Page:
Then came our first sonogram. It revealed promising measurements and a healthy heartbeat, the whooshing percolating from the monitor the most beautiful, magical sound I’d ever heard. We stuck the black-and-white sonogram printout on the fridge door, where all good news goes, and nicknamed our growing life Tadpole Tilton.

Though completely exhausted, I was grateful to only have mild nausea, and I started thanking my baby — we were waiting to be surprised, but I had the feeling he was a boy — out loud for that. At night, my hand drifted instinctively to my belly, and babies started crawling through my dreams. I began walking instead of running, and on my walks I started threading one of my earbuds through my shirt and onto my belly, so we could both listen to music.

Because of our ages, Chris and I had already decided to undergo genetic testing. Our appointment was scheduled when I was around 12 weeks, and we were excited to see our baby again. On the screen, he was as active as we imagined any offspring of ours would be: wiggling around like a jumping bean and flinging up a tiny hand every few seconds, as if to say, “Hey, guys, here I am!”

But we started to wonder why the technician was taking so many photos. The perinatologist put it bluntly a few minutes later: The measurement of the fluid on the back of the neck was double what it should have been, indicating severe problems. After the procedure, the genetic counselor told us our baby likely had an abnormality that was “very rarely compatible with life.” With those words, it felt like the very life was being sucked out of me. I lay crumpled on my side like roadkill, choking with sobs.

We had Memorial Day weekend to wait for results, and the next day, we escaped to Bodega Bay, a sleepy fishing village north of San Francisco. We walked the foggy coastline, fighting back tears each time we saw a child running along the sand. That night, we drifted into fitful sleep, a lonely foghorn sounding in the distance and Chris’s body curled around mine.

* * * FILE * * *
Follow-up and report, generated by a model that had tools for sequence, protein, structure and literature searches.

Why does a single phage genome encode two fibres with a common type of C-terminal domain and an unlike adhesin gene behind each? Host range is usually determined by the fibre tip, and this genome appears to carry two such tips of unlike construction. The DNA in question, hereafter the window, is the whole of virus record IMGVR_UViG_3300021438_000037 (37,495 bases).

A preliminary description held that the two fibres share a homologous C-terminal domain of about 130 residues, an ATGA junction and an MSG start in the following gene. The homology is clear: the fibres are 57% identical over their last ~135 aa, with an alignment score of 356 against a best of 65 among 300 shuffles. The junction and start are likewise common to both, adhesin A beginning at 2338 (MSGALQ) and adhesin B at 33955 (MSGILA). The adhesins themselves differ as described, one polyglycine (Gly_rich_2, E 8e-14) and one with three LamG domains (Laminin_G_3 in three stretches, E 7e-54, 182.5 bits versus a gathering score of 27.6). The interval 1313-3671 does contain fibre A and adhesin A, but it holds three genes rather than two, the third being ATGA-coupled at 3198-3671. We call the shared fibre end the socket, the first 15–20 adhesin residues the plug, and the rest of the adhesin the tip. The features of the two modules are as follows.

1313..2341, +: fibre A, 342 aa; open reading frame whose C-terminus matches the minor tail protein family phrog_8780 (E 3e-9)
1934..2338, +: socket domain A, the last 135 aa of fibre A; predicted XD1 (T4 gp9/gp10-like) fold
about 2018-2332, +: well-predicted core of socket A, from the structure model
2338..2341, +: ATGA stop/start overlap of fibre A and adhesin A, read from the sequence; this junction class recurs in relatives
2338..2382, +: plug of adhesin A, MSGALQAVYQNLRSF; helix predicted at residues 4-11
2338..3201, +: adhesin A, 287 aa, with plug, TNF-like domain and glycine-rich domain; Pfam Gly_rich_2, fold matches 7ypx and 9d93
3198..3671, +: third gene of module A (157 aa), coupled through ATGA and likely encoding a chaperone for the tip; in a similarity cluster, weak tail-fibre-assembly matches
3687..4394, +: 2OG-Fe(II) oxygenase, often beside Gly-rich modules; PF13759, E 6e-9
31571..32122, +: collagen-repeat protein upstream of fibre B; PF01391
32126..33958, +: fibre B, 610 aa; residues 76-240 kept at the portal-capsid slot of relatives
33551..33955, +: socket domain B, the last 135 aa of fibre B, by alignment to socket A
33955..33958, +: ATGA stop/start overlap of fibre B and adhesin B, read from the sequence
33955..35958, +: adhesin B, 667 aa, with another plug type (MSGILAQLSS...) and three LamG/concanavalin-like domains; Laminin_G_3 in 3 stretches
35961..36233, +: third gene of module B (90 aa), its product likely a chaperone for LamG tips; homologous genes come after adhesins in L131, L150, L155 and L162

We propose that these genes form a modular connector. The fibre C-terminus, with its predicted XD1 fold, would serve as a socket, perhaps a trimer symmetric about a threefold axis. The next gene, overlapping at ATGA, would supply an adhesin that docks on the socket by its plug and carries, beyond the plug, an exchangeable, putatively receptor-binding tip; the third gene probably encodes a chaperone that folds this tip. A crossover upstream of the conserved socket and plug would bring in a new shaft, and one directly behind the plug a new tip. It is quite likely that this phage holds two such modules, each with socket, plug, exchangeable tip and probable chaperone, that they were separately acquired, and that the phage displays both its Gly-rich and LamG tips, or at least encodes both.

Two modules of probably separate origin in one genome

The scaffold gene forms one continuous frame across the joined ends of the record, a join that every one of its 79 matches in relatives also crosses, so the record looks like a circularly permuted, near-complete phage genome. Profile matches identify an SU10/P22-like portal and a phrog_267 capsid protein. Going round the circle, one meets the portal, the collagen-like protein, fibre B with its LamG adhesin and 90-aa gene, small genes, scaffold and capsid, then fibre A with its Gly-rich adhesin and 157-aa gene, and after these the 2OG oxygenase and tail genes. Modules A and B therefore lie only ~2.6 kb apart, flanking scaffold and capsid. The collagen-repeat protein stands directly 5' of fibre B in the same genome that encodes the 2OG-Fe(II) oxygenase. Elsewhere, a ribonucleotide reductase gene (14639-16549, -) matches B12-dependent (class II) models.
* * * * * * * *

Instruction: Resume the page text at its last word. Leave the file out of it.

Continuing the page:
The news we were dreading came on Tuesday afternoon.

“They aren’t the results we were hoping for,” our genetic counselor told me gently over the phone. “The sample tested positive for trisomy 18. I’m so sorry.”

“OK, OK, OK,” I kept saying through my sobs. But it wasn’t OK. We knew by then that almost all babies diagnosed with trisomy 18, or Edwards syndrome, as it’s also known, either die in utero or within a week of delivery. The rare few who survive their first year have severe developmental challenges and physical deformities. Regular hospitalizations, including major surgeries, are the norm, and independent living is impossible.

Chris and I knew we could not gamble our baby’s well-being on the infinitesimal chance that he or she would defy such overwhelming odds. I made the toughest phone call of my life, to schedule the D&C (technically, an abortion, though I have never called it that. Instead, I think of it as a termination of my pregnancy). Over my sobs, my doctor explained what would happen: She would remove my uterine lining, and with it, the tiny fetus, about the size of a pea pod.

The day before the procedure, I lit a yellow candle symbolizing strength and put a hand on my belly, telling Tadpole Tilton how much we loved him and whom to look out for in heaven. I blew out the candle and a tidal wave of agony bent me in half. I couldn’t imagine how I’d continue living.

An hour and a half after arriving at the hospital the next day, I drifted into an anesthesia-fueled sleep, whispering goodbye to Tadpole Tilton. When I woke up, I wasn’t pregnant anymore.